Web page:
My favorite way to generate investment ideas is reviewing Form 13F filings from great healthcare investors. I first read of this approach years ago in Mebane Faber's book.
If searching for investment ideas is like looking for a needle in a haystack, then 13F filings are a stack of needles.
I later found out the great Mohnish Pabrai also uses filings for idea generation.
I've backtested the filings of 60+ healthcare focused investors, and I have ten that are worth following. These include the well known Perceptive Advisors, and Baker Bros Advisors, but also more under- the-radar firms such as Broadfin Capital. It is important that 13Fs are the beginning of an investment research process. Due diligence is still critical.
Some of my most successful biotechnology stock picks generated by 13Fs have been in the oncology space. An example would be when I bought Pharmacyclics (PCYC) at $19 in February 2012, and held it for a multibagger.
The most recent set of 13Fs were as of September 30, 2014. Here are the two most popular oncology stocks held by my group of hedge funds.
Pharmacyclics (PCYC): A long time favorite of Baker Bros., also owned by Perceptive and BB Biotech, as of September 30, 2014. Ibruvica is currently approved for Mantle cell lymphoma (MCL) and Chronic lymphocytic leukemia (CLL) patients who have received at least one prior treatment.
PCYC is in growth mode, after having Ibruvica approved, the company swung into profitability during the 3rd Quarter of 2014. Analysts expect 37% year over year revenue growth in 2015.
At the upcoming ASH conference the company will be presenting data in the effort to get indication expansion into B-Cell Lymphoma.
Investors are clearly very excited about the growth story here, as the stock currently trades at 11x next years estimated revenue. The bear case revolves around next generation competitors to Ibruvica.
The stock does appears to be near full value, as analyst average price target is $161, which is only 16% higher than current prices.
Celgene (CELG): Owned by RA Capital, Orbimed, BB Biotech, and Perceptive as of September 30, 2013. Celgene is a major player in the oncology space and has products approved for many indications. Revlimid represents 66% of Celgene's revenue. It is approved for Multiple myeloma (MM), myelodysplastic syndromes (MDS), and Mantle cell lymphoma (MCL). Furthermore, there will be many presentations at ASH 2014.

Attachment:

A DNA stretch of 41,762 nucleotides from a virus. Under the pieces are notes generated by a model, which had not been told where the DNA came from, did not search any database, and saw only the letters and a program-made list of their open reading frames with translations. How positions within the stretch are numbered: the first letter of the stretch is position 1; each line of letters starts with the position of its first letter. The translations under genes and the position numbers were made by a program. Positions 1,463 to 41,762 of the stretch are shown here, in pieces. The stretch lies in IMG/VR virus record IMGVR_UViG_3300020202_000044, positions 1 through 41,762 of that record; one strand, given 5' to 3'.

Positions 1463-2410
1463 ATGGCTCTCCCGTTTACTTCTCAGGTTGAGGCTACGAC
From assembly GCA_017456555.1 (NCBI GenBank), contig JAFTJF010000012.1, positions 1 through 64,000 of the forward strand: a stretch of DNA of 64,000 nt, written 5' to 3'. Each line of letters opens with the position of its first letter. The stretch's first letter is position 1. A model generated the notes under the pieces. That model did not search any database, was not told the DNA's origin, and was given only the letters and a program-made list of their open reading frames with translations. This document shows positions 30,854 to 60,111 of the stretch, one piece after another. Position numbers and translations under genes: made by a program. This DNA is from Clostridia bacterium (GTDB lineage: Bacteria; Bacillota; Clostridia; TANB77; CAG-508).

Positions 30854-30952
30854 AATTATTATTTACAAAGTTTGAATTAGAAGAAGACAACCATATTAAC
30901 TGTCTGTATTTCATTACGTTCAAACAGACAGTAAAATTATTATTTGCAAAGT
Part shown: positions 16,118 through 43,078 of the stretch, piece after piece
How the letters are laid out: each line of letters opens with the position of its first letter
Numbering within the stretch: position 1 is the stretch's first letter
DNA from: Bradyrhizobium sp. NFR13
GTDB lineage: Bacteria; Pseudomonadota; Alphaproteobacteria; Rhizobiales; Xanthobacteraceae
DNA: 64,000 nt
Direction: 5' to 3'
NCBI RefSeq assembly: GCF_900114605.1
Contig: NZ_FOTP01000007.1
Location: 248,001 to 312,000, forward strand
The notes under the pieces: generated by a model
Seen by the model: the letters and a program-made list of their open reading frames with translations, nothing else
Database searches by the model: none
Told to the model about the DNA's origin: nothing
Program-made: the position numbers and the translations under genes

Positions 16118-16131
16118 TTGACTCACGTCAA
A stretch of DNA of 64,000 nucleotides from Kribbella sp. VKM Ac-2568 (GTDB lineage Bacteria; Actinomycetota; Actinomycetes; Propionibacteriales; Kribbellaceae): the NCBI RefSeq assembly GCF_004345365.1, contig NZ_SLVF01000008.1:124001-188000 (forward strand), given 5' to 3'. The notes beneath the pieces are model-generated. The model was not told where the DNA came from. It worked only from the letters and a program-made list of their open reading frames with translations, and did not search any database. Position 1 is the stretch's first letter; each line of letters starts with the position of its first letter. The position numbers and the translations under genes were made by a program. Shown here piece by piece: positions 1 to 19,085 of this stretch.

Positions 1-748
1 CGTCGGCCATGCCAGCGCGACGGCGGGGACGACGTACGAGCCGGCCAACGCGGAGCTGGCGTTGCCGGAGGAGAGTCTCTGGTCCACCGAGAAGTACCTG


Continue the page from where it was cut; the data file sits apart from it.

It is worth noting this company has a less concentrated product portfolio than PCYC, with a single product on the market.
Analyst are expecting very strong growth from CELG specifically from their Revlimid, and Abraxane franchises. Celgene's IR site tracks analyst estimates, and it states that EPS growth of 32% is expected in 2015.
CELG investors have been impressed with the growth story. The company trades as 9.7x forward sales estimates, and 25x forward EPS estimates. These valuations could be justified if the firm can pull off its growth plans without any miss-steps.
No value investor would call this either PCYC or CELG "cheap".
Most analyst would not call CELG cheap either. The current analyst price target is $116, which is about where the stock trades now. Investors would be wise to wait for a pull back, or wait for analyst upgrades.
Disclosure: I own none of the stocks mentioned in these articles and have no plans on buying them in the next 48 hour
Data: Ycharts.com/Morningstar and 4-Traders.com/Thompson Reuters.
The MIT Quant, and head of AlphaSimplex Group proposes a fund to invest in biotechnology cures for cancer.
The source article is here and Mr. Lo's proposal is here.
Born in Hong Kong and raised in New York City, Lo lost his mother last year to lung cancer. He, like many people, also has watched friends and colleagues struggle with the disease in its various forms.
As an economist, he said, “I felt pretty helpless.’’
So he decided to focus on an area where he could have an impact: funding sources for cancer research.
In his Nature Biotechnology paper, Lo calls the current business model for drug research and development flawed, noting that the number of drug applications per dollar of spending is declining, and pharmaceutical stocks as a group have fared poorly over the past decade.
Under Lo’s proposal, the oncology fund could pour money into more speculative, early-stage research in exchange for a percentage of future royalties or proceeds from sales of intellectual property. A successful cancer drug can generate $2 billion a year in revenue, he said.
This is the personal blog of Emory Redd.
This blog is not investment advice. This is not a solicitation to invest. Don't take candy from strangers.
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